Response to Intervention is an approach that addresses each individual student’s learning needs and adjusts education to meet the needs of the student.
Using RtI in a keyboarding program:
Children can first be identified as potential candidates to participate in a keyboarding program. These might be students who would benefit from keyboarding as an accommodation to handwriting. Students should show an interest in participating in a keyboarding program as well.
A keyboarding program using Response to Intervention in the school setting would involve screening, assessment of skills, small group instruction, and progress monitoring. Following instruction and participation in a keyboarding program for a period of several sessions or weeks, students can be re-assessed to monitor progress. When progress is limited, there are other keyboarding programs that can be of help.
As with any instructional program, keyboarding can be a novel and fun concept at first. However, after repeated trials of practice and quizzes, it can become boring for children. Without a drive to learn to type correctly, kids may quit, give up, or balk at participation. Keeping that in mind, keyboarding programs should involve creative ways to practice skills such as speed, finger placement, and accuracy.
At the start of a keyboarding program and before beginning instruction, students should be assessed in speed of copying a sentence using handwriting, typing speed, and accuracy on a keyboard writing assignment. It has been found that students whose typing speed equaled or exceeded their
handwriting speed showed greater competence in the content
of narrative writing when using a word processor than
Related Read: Try these handwriting accommodation strategies to address a variety of handwriting challenges.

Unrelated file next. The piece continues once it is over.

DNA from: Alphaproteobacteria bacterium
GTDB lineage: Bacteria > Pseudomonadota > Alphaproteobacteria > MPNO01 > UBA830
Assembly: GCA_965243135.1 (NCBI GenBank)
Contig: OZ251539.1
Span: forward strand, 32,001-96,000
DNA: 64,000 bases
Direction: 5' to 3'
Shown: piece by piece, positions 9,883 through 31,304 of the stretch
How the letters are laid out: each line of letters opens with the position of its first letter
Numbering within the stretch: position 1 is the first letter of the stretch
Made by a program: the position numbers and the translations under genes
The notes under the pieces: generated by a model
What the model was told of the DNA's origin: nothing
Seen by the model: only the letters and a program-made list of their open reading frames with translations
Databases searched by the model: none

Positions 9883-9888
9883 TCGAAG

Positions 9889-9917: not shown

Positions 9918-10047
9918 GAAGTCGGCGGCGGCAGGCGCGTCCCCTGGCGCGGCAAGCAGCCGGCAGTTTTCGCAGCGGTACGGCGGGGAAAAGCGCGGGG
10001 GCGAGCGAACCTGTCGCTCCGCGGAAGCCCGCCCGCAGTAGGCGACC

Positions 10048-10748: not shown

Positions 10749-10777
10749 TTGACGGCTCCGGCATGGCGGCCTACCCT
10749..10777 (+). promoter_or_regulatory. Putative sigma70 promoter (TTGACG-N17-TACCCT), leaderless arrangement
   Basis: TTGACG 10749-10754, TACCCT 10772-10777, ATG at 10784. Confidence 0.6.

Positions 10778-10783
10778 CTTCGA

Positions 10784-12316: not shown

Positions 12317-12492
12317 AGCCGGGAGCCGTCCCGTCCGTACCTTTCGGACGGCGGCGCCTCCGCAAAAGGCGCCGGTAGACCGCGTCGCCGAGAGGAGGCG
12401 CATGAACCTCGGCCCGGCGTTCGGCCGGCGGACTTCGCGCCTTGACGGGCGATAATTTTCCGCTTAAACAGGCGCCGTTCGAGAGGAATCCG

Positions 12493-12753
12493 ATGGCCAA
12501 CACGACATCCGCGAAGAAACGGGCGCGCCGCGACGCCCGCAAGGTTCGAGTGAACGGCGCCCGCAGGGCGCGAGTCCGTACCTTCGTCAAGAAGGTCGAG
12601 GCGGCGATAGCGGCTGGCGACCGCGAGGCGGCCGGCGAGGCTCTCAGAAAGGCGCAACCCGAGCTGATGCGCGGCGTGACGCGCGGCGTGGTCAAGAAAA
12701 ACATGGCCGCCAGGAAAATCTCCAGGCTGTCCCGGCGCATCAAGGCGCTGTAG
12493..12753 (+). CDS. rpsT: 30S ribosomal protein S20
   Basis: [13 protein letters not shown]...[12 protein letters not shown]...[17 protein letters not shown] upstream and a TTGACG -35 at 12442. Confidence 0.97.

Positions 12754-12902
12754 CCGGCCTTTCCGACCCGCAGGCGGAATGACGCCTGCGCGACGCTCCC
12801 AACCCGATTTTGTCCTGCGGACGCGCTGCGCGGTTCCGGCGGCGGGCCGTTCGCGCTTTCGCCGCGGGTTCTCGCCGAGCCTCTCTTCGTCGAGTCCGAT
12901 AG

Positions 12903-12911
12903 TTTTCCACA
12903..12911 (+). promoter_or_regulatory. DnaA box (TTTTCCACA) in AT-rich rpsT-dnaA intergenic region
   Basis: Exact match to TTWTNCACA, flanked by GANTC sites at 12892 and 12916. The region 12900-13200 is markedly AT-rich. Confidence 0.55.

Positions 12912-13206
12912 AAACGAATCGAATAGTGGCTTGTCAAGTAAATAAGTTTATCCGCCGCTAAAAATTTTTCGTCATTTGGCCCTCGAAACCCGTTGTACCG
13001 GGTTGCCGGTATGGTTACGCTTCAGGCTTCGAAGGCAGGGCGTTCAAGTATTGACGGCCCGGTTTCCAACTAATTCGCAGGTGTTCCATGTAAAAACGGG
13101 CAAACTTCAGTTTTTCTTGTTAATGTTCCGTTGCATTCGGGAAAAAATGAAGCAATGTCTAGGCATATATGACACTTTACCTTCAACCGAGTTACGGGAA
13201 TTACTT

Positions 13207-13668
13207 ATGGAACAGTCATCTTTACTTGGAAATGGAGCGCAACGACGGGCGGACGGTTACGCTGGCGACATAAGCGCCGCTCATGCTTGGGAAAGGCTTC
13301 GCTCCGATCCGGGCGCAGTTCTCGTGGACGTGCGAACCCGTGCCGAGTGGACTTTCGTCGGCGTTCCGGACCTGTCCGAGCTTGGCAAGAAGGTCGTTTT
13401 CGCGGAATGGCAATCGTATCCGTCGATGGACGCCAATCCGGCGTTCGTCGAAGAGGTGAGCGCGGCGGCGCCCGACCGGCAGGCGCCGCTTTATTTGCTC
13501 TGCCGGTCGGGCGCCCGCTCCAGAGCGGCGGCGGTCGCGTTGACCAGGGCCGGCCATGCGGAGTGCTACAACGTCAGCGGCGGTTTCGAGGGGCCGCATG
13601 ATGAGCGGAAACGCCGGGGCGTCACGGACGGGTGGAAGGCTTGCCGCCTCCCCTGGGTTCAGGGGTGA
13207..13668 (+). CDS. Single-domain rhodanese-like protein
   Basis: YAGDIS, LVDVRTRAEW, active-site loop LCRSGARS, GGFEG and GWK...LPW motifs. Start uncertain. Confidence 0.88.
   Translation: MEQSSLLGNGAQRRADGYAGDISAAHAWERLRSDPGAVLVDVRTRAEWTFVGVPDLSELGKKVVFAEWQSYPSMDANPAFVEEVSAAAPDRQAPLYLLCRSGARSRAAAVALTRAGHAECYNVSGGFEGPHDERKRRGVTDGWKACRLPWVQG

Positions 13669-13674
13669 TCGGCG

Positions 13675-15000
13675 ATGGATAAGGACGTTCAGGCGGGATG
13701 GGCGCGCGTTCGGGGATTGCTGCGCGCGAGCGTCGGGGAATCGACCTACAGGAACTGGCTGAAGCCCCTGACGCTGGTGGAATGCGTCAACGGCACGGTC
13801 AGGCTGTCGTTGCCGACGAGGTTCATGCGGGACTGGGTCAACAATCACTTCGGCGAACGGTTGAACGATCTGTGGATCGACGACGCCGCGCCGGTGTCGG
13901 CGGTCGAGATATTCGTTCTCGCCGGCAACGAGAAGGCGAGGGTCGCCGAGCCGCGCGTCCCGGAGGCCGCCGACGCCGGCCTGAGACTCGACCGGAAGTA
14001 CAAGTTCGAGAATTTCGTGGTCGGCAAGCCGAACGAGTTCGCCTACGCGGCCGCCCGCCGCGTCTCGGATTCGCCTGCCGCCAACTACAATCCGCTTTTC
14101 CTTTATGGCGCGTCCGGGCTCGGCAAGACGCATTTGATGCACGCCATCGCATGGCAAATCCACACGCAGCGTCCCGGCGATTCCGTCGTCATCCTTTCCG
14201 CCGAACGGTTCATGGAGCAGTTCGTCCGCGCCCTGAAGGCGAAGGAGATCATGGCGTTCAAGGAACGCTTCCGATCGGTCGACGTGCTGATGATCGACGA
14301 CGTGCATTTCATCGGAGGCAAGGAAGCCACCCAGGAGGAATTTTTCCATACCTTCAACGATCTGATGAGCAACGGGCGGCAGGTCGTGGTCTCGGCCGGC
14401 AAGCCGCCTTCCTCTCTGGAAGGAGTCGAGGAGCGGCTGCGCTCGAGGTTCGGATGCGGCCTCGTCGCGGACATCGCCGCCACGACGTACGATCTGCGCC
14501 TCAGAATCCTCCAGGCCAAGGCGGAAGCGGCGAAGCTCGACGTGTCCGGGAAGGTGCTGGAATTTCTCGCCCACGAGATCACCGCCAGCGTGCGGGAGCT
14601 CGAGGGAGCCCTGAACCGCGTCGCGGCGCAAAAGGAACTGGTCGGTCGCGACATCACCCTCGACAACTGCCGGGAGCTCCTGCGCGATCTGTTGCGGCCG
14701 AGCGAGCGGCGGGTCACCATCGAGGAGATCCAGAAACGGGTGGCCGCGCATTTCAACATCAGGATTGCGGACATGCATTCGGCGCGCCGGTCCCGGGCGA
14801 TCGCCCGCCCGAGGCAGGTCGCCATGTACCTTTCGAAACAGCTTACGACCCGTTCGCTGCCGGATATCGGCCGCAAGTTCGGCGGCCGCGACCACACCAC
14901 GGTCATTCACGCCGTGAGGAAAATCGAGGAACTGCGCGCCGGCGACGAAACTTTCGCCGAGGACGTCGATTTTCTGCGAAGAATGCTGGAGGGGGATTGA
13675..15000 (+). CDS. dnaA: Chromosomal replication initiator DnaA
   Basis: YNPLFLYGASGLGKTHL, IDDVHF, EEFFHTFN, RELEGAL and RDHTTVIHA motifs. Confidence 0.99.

Keyboarding Club Activities
Details of a Keyboarding Club for Kids
Keyboarding Club Typing Programs
- The website Learn To Type is a great tool for practicing lessons that are broken down by row, upper case, and punctuation. There are tips for practice and each test that account for accuracy and speed.
- Another online typing program is Sense-Lang. This site provides interactive tutorials and games to engage students.
TypingClub– This free online typing curriculum moves kids through lessons. Kids can master each level and receive badges of completion. This program seems more like a game than lessons.
Typing Club Google Chrome extension– This is a free program that can be downloaded to your browser. Kids can learn touch typing and work toward increasing speeds of typing.
Other tasks that may be included in a keyboarding club include:
- Computer component identification
- Supply organization (including folder with practice sheets, etc)
- Ability to turn on, re-boot, and access, start, and shut down software programs
- Storing files on a computer
- Accessing stored files on a computer
- Composing emails, letters, and filling in forms
- Proofreading and editing
- Completing writing prompts without copying from a text
This post is part of the functional skills for kids series. Stop by to see all of the Keyboarding posts this month:
Mahan, T. (2002). Flying Fingers Keyboarding Club: Building Keyboarding Skills Through the Response to Intervention Approach. OT Practice, 17(3), 14-20.
Rogers, J., & Case-Smith, J. (2002). Relationships Between Handwriting and Keyboarding
Performance of Sixth-Grade Students. The American Journal of Occupational Therapy, 56(1), 34-39.